The North-Western part of the Mediterranean Sea has, in principle, been designated as a Particularly Sensitive Sea Area (PSSA). It aims to protect marine cetaceans that are breeding and feeding in the PSSA. The PSSA covers waters off the coastlines of France, Italy, Monaco and Spain.

A PSSA has associated measures aimed at ships and coastal states and in this case they are voluntary. The proposed measures recommend that ships should navigate with caution at 10 to 13 knots, keep lookout for whales and maintain a safe distance and report when in the presence of cetaceans.

MEPC 79 decision of the North-Western Mediterranean Sea as a PSSA was made subject to the further development and approval of the proposed associative protective measures. The measures will be discussed further at the next meeting of the Sub-Committee on Navigation, Communications and Search and Rescue (NCSR) and it is expected that the final adoption of the PSSA will take place during MEPC 80.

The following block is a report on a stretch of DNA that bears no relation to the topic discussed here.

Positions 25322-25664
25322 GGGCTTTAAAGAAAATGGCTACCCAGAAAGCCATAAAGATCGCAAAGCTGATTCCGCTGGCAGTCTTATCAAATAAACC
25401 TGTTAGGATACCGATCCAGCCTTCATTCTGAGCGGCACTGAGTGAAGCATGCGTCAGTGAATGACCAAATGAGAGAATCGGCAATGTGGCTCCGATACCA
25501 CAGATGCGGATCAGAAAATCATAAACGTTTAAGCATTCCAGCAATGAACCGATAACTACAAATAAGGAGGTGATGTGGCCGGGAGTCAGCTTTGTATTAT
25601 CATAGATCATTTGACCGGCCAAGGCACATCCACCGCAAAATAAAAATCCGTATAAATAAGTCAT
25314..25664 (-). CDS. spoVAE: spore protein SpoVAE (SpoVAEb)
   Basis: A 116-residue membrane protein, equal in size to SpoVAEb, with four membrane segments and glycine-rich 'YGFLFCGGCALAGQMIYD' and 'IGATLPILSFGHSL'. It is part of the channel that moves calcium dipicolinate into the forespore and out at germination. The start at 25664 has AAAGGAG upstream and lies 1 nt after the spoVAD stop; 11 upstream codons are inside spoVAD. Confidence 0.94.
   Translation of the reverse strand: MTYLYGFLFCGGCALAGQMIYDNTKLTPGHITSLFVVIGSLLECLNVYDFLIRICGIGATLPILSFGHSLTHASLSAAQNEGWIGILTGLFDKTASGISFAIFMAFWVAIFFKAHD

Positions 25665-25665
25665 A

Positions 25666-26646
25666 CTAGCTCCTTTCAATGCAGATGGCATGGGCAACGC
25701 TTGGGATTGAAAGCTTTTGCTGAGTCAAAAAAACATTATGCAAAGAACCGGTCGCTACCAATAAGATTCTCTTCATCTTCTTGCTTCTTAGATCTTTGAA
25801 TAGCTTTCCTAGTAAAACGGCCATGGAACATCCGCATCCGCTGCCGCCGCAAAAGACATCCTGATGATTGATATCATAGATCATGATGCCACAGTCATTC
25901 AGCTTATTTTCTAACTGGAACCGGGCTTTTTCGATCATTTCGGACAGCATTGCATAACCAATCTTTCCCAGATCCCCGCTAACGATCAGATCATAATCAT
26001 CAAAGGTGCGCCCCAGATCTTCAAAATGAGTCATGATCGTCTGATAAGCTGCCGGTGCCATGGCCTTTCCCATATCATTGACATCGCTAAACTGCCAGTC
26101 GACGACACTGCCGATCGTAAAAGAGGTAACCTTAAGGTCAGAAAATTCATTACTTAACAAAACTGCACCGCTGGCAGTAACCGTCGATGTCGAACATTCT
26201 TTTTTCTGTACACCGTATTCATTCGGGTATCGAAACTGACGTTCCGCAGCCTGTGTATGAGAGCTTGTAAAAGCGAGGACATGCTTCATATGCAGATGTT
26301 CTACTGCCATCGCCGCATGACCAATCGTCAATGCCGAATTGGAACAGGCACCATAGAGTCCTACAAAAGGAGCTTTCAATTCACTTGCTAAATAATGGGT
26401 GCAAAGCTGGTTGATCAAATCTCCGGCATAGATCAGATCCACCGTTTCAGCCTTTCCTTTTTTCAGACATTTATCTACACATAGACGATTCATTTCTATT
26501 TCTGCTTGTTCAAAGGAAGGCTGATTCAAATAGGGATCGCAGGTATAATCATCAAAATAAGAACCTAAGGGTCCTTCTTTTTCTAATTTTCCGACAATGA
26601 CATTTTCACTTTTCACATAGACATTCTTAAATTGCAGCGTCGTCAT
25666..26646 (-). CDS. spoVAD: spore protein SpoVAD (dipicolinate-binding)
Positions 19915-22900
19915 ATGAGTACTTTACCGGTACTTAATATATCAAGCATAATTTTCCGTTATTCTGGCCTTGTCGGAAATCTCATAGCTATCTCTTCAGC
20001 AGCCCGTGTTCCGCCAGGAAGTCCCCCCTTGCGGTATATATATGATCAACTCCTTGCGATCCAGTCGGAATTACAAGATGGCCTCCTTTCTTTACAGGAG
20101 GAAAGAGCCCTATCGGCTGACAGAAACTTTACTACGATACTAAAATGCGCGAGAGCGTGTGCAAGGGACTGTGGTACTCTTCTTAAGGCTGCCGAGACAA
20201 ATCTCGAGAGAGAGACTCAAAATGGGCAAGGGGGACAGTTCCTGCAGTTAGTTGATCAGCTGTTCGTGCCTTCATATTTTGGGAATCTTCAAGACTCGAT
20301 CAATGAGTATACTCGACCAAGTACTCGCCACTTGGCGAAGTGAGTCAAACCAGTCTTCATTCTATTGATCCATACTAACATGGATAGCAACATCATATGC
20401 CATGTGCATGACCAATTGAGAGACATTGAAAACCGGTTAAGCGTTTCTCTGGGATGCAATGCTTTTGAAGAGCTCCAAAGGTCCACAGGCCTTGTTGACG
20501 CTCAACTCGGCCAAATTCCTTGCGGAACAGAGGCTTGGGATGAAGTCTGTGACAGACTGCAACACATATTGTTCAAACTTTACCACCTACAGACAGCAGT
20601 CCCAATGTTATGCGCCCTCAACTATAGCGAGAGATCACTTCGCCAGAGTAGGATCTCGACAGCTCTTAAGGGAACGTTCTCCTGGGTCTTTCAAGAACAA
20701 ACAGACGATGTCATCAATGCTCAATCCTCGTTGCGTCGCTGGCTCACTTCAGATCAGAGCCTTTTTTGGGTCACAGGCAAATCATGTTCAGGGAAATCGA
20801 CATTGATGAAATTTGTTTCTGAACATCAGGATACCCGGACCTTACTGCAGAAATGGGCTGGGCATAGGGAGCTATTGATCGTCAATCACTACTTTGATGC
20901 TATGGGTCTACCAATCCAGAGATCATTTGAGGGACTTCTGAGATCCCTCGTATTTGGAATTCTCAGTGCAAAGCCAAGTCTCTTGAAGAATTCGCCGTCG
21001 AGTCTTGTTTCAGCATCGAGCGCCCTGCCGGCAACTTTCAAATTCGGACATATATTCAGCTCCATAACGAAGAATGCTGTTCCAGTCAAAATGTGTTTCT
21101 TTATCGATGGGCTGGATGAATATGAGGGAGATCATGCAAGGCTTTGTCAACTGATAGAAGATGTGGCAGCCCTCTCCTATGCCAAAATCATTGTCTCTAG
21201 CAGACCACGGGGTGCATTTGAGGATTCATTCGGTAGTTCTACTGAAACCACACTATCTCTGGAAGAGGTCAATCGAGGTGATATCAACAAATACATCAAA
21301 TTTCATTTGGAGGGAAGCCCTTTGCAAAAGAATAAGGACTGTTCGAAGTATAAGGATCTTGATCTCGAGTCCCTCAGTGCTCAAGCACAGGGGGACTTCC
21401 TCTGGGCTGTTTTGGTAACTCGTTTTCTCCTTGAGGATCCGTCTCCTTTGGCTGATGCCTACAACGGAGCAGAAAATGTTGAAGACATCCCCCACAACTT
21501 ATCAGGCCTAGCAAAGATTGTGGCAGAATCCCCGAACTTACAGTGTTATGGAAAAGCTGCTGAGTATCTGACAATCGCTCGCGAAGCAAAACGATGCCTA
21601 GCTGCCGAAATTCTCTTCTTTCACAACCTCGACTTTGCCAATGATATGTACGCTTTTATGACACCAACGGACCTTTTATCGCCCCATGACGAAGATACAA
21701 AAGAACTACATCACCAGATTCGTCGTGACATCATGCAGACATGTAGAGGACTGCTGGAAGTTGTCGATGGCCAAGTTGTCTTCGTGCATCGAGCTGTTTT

Licensing schemes for bunker suppliers

MEPC 79 considered the two submissions by BIMCO, in cooperation with other industry organisations, outlining information concerning sulphur compliance and the broad industry support for adoption of bunker licensing schemes, and encouraged countries to make use of the revised Guidance for best practice for Member State/coastal State, which include a template for a licence for fuel oil suppliers.

Synthetic drop-in fuels

MEPC 79 approved an updated unified interpretation to harmonize the permission to use synthetic drop-in fuels in accordance with MARPOL Annex VI, equating the requirements for blending with synthetic fuels with the blending with biofuels.

New Ship Energy Efficiency Management Plan (SEEMP) Part III is required in case of changing ISM company or Flag State

MEPC 79 approved an updated unified interpretation concerning a ship changing ISM company, or changing from one Administration to another, stipulating that a new SEEMP III will be required as well as a new three-year implementation plan documenting how the required annual operational CII is intended to be achieved.

Consistency on multiple load lines in relation to EEDI, EEXI and CII